If you're to believe advertisers and certain enduring tunes, the holidays are "the hap-happiest season of all." But that's not the case for everyone — and especially not for those missing someone special around the table. "The holiday season can be a challenging time for families who have lost a loved one," says Dianne Axen, bereavement coordinator for Mayo Clinic Hospice.
To support these families, Mayo Clinic Hospice hosts a special holiday program each year. This year's event, which featured music from Bella Voce Young Women's Choir, offered "a healing and connecting gift" to families, Axen says. It also reminded them "that they are still a part of a community that knows and cares about their loss."
For Shelly Winemiller, director and founder of Bella Voce, the concert was meaningful both professionally and personally. Her mother received hospice care prior to her death two years ago, and Winemiller says hospice staff helped the family focus on sharing memories and music together. "It was such a gift," she tells us, adding that "in this season of giving," she and the Bella Voce members were "honored to give this gift of music to those who are grieving."
The concert, which took place in a candlelit chapel at Assisi Heights in Rochester, was indeed a gift, says Carolyn House, a retired Mayo Clinic nurse manager. Two years ago she lost her husband of 53 years. "You are never really prepared for the 'surges of grief' that inevitably come" after such a loss, she says, adding that "you rely on memories to get you through." For Carolyn, those memories include music. "Music was a big part of our life," she says, adding that she and her husband, Jerry, had attended Bella Voce concerts together. "Being here soothes me," she tells us. "Concerts like this stir the good memories."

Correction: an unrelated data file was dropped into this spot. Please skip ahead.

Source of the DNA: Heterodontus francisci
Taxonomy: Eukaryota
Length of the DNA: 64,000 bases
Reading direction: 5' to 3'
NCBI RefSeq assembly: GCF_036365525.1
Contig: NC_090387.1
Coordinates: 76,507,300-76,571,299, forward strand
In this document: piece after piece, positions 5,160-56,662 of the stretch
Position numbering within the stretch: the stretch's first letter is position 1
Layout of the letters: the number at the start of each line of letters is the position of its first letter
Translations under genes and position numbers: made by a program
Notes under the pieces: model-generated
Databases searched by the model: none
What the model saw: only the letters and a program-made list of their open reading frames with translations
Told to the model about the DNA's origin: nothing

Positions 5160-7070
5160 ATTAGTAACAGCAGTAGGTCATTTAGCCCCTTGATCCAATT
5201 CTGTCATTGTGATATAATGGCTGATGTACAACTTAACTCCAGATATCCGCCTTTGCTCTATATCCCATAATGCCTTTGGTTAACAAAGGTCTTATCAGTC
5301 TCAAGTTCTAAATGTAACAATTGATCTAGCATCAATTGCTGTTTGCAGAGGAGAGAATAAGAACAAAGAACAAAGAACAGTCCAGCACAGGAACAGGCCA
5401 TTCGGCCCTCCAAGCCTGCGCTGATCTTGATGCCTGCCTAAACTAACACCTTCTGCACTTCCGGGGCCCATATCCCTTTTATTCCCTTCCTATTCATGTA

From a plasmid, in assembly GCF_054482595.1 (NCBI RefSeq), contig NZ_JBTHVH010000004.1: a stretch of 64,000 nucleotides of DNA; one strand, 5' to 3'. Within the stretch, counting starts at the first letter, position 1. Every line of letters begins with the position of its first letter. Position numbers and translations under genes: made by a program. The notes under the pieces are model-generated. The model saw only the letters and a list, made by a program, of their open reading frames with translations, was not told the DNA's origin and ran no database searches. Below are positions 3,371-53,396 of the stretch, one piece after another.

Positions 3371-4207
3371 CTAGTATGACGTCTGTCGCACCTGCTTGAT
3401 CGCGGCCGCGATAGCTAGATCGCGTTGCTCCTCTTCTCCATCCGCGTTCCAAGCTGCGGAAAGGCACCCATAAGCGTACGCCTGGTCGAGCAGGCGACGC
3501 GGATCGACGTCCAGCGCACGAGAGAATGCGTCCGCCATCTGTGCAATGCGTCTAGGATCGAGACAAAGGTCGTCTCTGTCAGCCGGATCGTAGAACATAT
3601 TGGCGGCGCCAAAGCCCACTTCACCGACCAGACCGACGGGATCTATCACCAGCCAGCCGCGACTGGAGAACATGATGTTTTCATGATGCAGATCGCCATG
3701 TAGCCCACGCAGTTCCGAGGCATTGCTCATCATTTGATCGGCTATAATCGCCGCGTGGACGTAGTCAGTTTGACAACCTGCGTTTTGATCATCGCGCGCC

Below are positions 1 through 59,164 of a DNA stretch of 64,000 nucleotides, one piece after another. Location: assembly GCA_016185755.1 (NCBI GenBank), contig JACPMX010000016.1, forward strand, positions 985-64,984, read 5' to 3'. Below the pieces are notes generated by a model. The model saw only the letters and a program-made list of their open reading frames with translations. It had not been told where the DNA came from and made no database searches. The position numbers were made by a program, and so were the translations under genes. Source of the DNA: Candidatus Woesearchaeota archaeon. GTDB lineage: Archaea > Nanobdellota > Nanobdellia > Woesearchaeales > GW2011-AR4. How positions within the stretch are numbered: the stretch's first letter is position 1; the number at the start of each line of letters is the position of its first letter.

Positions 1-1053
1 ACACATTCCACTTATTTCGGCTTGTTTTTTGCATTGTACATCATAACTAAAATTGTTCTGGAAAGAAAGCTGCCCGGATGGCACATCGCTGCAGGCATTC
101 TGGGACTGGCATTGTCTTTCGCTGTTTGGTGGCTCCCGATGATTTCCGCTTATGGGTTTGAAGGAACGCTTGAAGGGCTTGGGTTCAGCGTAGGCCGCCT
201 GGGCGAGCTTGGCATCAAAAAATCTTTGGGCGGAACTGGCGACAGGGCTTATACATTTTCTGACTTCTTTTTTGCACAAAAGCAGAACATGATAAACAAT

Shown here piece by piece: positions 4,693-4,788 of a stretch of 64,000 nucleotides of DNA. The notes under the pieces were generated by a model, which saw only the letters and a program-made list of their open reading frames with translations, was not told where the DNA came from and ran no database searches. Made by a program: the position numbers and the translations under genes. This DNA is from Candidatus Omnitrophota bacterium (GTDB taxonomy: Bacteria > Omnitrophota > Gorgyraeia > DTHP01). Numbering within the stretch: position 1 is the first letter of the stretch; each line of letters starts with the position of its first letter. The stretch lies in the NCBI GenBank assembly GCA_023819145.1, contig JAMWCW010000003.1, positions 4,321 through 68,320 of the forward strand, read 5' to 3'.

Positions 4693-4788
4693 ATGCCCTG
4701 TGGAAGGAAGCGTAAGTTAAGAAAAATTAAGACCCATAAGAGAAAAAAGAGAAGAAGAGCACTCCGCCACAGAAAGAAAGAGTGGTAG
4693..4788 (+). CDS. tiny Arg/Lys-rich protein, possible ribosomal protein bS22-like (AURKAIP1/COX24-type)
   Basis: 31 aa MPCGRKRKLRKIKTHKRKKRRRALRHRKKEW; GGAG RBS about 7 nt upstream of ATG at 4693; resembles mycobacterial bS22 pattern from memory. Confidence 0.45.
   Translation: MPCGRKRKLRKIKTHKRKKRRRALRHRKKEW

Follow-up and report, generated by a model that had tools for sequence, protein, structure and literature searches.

Winemiller calls music a "universal language" that "allows people to remember and to heal." Including, it seems, the young women singing, because in addition to offering hymns, the choir members also offered their own stories of loss throughout the concert. One remembered a grandfather's unexpected passing. Another spoke of seeing her own father cry for the very first time. Another told about caring for a critically ill sibling. Those stories helped to blur the lines between audience and performers, uniting them as one community. And that in itself has a healing power.
"The journey of grief is a journey toward finding meaning," Axen tells us, and one that "is accomplished in relationships with shared experiences and shared stories."
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